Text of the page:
Summary of U.S. v. Darby (1941)
Relevant Facts: The Fair Labor Standards Act of 1938 regulated wages, hours and other conditions of employment. Darby, who manufactured lumber in GA and shipped some of it to customers in other states, was indicted for violating the Act, but the district court quashed the indictment on the ground that the statute was unconstitutional under Hammer v. Dagenhut (child labor).
Issue: Under constitutional law, does Congress have the constitutional power to prohibit the shipment in interstate commerce of lumber manufactured by employees whose wages are less than a prescribed minimum or whose weekly hours of labor at that wage are greater than a prescribed maximum?
Under constitutional law, does Congress have the power to prohibit the employment of workmen in the production of goods “for interstate commerce” at other than prescribed wages and hours?
Holding: Yes. If the shipments are reaching other customers in other states, then the long arm of Congress may extend to those companies and regulate their activity (under the Commerce Clause).
Yes. Congress again, since the program does extend on a national plane, may regulate as such under the Commerce Clause granted to Congress.
Court’s Rationale/Reasoning: The power to regulate commerce is the power “to prescribe the rule by which commerce is governed.” (rule of Gibbons). It extends to not only those regulations which aid, foster and protect the commerce, but to those which prohibit it as well. Just b/c there is no enumerated law which says Darby’s actions do not fit within the Commerce Clause, doesn’t mean there isn’t regulation. If something that is made not only passes through a particular state, but to another, and so on, there is reason to expect it would be federally regulated.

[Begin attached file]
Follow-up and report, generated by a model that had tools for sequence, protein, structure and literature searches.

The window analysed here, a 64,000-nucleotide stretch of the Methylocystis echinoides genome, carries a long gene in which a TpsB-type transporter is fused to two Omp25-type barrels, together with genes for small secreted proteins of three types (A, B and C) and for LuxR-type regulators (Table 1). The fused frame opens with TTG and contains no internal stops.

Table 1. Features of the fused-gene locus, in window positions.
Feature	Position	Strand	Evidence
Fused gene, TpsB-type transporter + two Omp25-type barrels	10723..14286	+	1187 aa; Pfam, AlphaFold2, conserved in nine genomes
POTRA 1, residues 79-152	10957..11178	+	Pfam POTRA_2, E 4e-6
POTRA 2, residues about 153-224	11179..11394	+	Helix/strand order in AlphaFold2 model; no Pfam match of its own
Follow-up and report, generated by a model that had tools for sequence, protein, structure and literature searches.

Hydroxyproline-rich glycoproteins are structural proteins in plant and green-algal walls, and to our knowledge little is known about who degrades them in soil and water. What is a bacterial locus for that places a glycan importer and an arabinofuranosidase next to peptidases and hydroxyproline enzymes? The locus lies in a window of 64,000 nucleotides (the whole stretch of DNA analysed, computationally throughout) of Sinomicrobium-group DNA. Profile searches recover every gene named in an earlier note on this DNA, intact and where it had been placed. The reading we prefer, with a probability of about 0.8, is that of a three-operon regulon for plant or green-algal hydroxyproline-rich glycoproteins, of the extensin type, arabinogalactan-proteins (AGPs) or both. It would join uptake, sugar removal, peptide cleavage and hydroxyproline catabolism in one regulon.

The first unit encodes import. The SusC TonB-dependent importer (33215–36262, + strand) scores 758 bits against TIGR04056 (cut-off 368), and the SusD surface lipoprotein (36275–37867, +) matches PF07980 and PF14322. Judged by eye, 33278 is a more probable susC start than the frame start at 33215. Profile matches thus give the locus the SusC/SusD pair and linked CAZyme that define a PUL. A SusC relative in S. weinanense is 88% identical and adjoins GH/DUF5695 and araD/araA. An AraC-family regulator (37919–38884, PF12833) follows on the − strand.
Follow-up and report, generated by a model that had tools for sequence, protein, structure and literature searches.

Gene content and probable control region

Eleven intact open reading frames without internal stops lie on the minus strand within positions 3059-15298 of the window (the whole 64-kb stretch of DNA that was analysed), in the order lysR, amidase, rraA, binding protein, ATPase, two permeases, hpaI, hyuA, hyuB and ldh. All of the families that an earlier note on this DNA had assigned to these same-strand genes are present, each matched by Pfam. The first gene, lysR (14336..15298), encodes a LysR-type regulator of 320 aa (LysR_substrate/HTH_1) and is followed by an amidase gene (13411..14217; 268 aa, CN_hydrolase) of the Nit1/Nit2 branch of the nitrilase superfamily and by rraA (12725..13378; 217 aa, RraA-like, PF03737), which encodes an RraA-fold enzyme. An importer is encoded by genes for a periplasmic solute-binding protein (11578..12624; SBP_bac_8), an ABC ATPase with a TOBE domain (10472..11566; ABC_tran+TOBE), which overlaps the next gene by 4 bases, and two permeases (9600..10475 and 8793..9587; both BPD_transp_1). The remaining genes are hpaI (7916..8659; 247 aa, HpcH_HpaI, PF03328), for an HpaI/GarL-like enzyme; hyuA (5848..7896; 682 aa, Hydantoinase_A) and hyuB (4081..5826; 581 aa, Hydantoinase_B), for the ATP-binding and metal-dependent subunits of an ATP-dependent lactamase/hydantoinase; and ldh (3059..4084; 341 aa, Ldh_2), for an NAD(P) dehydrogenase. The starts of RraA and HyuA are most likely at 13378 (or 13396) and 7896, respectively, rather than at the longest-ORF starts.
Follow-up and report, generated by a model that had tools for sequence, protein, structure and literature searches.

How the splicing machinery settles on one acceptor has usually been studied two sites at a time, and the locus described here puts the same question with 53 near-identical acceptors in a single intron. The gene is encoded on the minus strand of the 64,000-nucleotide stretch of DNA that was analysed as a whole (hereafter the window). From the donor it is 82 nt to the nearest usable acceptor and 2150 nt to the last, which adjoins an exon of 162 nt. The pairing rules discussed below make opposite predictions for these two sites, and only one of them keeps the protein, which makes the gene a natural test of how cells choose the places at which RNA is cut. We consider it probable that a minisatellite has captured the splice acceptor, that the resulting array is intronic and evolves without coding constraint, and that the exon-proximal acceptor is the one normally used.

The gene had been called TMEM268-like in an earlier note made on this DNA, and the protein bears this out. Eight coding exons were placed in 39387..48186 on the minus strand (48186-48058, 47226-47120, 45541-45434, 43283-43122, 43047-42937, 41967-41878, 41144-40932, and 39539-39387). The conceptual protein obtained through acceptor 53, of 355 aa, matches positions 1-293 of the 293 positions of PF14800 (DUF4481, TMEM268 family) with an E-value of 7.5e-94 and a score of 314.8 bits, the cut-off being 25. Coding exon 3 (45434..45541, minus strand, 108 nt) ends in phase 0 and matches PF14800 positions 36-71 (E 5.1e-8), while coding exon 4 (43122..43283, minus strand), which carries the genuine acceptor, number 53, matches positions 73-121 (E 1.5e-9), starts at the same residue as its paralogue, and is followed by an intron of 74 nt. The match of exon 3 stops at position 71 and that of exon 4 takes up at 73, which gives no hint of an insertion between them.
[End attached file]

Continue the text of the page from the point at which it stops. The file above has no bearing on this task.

The only time the arm of the Act was used to cover was for things which were not in the government’s best interest, like lotteries or transporting women across state lines. Now, it will cover those things which also are in the legal stream of commerce as well.
As far as the labor laws go, the same rule applies. Children are making goods which go to other states, so they fall under the federal microscope. The restriction on them is permissible in federal circles, and this adopts a policy where even intrastate activities are under certain parameters, it is still federally regulated. Tobacco is one example, where it is brought into one state, but then packaged and shipped on to others. This is to maintain some semblance of order in which state companies fall under federal radar when they step over the line of being involved in interstate activity.
By the way, the 10th Amendment is not touched here, b/c there were no rights which were taken away from them.
Rule: The power to Congress to regulate interstate commerce extends to the regulation through legislative activities intrastate which have a substantial effect on the commerce of the exercise of the Congressional power over it.
Important Dicta: Hammer v. Dagenhart is overturned, as the old principles of the Court are now restored to where they once were.